BASF has agreed to acquire a number of Bayer’s seed and herbicide units for €5.9 billion. The deal includes brands such as Liberty, Basta and Finale, securing BASF a set of businesses that generated sales of around €1.3 billion in 2016 and EBITDA of €385 million.
While the deal will add to BASF’s herbicide portfolio, it also marks the first time the company has stepped into the seeds arena. Why now?
For Bayer, the divestment is a part of its ongoing effort to convince regulatory authorities to approve its mammoth $66 billion takeover of Monsanto. In August, the European Commission opened an in-depth investigation into the deal on the grounds that it could reduce competition in the seeds, pesticides and traits areas—not least because Bayer's LibertyLink brand herbicide vies directly with Monsanto's Roundup line of weed killers. The closing of this divestment could go a long way to sealing the Monsanto acquisition.
With thewave of M&A in Big Ag set to crest, more opportunities for sharp-eyed buyers looking to put capital to work could also emerge. In this case, snapping up Bayer’s portfolio gives BASF a readily established share of the seeds market with proven revenue streams, which is much less demanding a move than setting up shop on its own. It could also provide BASF a platform for further M&A in the space.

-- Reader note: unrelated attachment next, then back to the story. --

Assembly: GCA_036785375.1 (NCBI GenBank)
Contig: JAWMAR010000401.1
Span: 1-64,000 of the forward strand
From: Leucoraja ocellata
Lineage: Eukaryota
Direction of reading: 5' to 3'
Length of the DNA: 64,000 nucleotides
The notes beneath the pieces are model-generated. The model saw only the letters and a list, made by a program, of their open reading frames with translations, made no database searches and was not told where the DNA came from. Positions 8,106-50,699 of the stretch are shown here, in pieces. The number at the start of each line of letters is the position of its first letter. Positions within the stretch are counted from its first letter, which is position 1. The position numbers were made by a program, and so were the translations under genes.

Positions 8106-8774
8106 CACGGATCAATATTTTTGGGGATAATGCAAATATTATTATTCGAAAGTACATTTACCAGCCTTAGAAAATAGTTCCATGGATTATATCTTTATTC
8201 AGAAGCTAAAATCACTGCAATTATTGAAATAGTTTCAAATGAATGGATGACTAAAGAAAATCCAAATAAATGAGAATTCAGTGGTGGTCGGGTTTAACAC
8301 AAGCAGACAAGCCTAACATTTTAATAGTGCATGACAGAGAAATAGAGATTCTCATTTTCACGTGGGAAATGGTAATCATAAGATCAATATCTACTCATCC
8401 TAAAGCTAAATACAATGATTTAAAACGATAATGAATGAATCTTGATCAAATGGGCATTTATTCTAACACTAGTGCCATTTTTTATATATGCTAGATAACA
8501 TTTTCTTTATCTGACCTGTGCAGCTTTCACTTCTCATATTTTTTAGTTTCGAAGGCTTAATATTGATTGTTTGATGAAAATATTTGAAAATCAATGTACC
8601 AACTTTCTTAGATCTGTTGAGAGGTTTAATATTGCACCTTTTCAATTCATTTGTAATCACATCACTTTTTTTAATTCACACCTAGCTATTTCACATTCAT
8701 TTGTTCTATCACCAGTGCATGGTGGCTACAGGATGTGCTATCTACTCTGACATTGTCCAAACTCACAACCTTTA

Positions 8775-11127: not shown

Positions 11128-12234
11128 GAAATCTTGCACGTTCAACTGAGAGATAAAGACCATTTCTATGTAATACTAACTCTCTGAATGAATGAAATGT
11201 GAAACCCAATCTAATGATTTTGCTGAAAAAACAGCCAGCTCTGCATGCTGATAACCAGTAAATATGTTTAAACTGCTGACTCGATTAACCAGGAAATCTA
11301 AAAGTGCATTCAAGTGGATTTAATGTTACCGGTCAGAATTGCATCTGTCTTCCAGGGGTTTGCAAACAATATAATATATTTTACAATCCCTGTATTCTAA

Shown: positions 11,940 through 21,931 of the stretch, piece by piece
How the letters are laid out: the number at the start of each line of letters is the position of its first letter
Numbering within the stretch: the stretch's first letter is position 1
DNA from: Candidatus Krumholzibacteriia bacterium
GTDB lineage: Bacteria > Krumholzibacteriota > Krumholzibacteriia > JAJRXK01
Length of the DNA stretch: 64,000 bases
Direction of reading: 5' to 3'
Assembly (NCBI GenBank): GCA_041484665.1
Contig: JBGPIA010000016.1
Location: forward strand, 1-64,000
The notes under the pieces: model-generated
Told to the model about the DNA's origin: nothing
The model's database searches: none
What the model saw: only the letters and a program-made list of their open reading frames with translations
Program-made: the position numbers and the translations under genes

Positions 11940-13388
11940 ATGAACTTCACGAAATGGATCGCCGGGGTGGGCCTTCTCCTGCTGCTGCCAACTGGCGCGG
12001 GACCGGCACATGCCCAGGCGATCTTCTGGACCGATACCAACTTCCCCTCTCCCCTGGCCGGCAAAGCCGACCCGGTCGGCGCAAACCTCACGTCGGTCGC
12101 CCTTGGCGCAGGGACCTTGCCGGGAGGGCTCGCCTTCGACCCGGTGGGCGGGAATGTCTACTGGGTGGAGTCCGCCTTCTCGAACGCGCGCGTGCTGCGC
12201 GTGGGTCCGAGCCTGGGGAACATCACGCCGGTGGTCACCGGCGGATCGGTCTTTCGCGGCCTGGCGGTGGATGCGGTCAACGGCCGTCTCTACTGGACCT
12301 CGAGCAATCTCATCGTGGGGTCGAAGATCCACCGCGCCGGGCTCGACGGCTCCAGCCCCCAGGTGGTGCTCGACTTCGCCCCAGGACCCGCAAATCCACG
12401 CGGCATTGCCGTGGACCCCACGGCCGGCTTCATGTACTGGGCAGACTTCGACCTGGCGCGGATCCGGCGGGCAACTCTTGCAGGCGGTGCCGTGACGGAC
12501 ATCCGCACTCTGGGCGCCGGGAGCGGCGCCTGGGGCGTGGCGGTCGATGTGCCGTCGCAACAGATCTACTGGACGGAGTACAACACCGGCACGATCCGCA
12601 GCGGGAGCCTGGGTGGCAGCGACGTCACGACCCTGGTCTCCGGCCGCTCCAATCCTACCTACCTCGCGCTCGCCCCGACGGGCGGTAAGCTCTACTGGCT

Meanwhile, as the knock-on effects of multibillion-dollar cross-border mergers spur increasingly stringent competition authorities to take action, there's the distinct potential for a high number of spinoffs like this to come—and not only in the agrochemicals space.
Teva’s sale of Allergan’s UK and Ireland generics business last year for $796 million, in a bid to get its own $40.5 billion deal of Actavis Generics approved by the Commission, is just one example of a mega-deal contributing to a possible reversal of fortunes for European spin-offs.